To the Editor:
There is certainly a wide range of opinions on the proposed South Bruce DGR. Some are dead-set against it, some are definitely in favour, and some feel we just need time to learn more. When faced with an important issue like this, it’s natural to divide into camps, and unfortunately, to start to see it as an “us versus them” struggle. I have to admit, I’ve been tempted at times to see it that way, and sometimes, I may have acted or spoken that way.
But I think it’s more important than ever to remember that despite our different opinions, we are all neighbours, and we need to respect one another. I also think it will be helpful to focus on the things that unite us. We all want safe water to drink. We all want to protect our environment, especially our lakes and rivers. We all want a prosperous future for our children and grandchildren. Those things should be the basis for respect and dialogue. Some of us just differ on how these things should be achieved.
The DGR clearly presents an important economic opportunity for our future, and a chance to make an important contribution to Canada, by being part of the long-term solution for nuclear waste. However, some of us – our neighbours – see it as a threat, and when a person feels his or her business, home, or way of life is threatened, he or she will dig in and fight. I think most of us would do the same.
Many valid concerns have been raised and they require serious discussion. Who will really benefit from the billions of dollars that will be spent in South Bruce over the 10-year period of construction and the 40-year period of operation? Will South Bruce residents have a chance at good, high-paying jobs, or will they go to transient workers from elsewhere? Will local construction companies be used, or will all these services be imported from elsewhere? Where will the 700-odd people live? Will they build work camps, take rental accommodations in Bruce and Huron, or will they buy or build houses and settle in Mildmay, Teeswater or Wingham? Will the jobs be unionized? What will that do to the cost and availability of labour in our area? Is it true that only 250 acres of farmland will be taken out of agricultural production, as the NWMO claims? What about the noise and traffic from constructing what amounts to a deep mine? How much noise? How much traffic? What about the “nuclear stigma”? Will our customers still want to buy our agricultural products?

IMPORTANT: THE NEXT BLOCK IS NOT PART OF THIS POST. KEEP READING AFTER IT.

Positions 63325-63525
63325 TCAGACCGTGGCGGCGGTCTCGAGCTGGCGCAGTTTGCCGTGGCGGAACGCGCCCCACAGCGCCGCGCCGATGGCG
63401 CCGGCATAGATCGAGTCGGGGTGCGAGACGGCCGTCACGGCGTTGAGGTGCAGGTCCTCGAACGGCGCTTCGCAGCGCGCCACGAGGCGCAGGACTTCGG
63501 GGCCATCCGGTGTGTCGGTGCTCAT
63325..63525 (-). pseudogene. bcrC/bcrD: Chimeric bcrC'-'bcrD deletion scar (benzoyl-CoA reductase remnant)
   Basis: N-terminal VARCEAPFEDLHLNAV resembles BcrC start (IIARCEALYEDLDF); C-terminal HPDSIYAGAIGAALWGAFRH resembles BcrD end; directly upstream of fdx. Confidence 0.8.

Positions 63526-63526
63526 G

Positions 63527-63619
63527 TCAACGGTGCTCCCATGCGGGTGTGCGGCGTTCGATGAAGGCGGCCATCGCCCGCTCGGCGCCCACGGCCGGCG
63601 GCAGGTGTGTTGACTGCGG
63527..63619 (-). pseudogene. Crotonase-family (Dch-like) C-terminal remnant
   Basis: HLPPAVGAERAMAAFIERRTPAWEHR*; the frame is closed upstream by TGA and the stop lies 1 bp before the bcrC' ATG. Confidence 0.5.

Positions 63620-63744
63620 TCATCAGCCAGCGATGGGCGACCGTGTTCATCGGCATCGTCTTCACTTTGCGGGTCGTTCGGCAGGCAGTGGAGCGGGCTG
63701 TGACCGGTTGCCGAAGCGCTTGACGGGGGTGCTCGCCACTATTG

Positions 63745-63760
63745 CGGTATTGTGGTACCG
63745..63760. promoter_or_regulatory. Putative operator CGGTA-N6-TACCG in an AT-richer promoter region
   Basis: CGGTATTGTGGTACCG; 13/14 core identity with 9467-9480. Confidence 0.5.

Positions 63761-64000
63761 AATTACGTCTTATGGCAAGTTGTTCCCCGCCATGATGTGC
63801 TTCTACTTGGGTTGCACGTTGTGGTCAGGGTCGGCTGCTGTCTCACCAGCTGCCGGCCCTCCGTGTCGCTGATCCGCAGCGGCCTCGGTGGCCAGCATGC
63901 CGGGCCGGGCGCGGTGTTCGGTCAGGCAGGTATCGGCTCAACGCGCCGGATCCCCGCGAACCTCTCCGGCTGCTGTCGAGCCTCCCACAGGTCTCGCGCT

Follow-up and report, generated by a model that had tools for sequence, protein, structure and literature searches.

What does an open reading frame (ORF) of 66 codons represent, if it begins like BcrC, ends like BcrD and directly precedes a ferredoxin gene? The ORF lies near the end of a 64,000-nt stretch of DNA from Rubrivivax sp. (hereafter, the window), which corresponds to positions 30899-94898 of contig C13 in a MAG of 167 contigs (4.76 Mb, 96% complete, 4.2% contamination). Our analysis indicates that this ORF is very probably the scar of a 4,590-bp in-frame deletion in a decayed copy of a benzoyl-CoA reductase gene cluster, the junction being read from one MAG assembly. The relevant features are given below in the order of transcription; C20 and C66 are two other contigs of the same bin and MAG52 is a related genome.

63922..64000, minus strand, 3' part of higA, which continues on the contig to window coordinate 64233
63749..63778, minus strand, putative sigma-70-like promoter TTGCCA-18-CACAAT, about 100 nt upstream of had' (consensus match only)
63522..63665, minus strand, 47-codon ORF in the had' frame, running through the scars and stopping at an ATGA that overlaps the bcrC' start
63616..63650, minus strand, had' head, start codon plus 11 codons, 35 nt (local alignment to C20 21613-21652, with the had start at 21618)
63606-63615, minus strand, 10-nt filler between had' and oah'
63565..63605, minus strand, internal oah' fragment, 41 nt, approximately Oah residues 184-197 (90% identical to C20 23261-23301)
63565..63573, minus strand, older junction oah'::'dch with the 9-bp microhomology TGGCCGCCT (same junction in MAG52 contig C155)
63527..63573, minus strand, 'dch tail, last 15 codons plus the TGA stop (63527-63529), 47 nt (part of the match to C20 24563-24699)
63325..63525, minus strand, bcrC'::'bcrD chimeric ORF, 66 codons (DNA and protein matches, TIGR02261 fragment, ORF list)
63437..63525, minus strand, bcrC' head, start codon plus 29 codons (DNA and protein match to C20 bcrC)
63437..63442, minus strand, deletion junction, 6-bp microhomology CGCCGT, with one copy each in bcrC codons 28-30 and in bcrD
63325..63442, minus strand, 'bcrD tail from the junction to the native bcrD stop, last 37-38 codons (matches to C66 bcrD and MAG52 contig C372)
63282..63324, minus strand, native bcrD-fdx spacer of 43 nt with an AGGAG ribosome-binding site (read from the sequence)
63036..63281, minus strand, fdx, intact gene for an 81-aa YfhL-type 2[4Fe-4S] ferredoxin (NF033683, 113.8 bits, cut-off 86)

All of these things are important, especially to those who live near the site, and all of them need thoughtful dialogue. I’m confident that there’s not a single issue that South Bruce residents cannot overcome if we stand together and work together as a community, and we should decide as a community whether to go ahead and embrace the opportunity, or to decline, and invite the NWMO to look elsewhere. But this can only happen if we all commit to treating each other as neighbours, with respect, tolerance and forgiveness. We won’t always agree, and I for one am not going to stop saying what I know to be true, but we can all take ourselves a little less seriously, exercise some patience, and cut each other some slack. So I’d like to encourage my fellow South Bruce residents and land-owners to reach out, try to see each others’ points of view, and talk to each other like neighbours, as we try to make a decision on the DGR.
Tony Zettel, Mildmay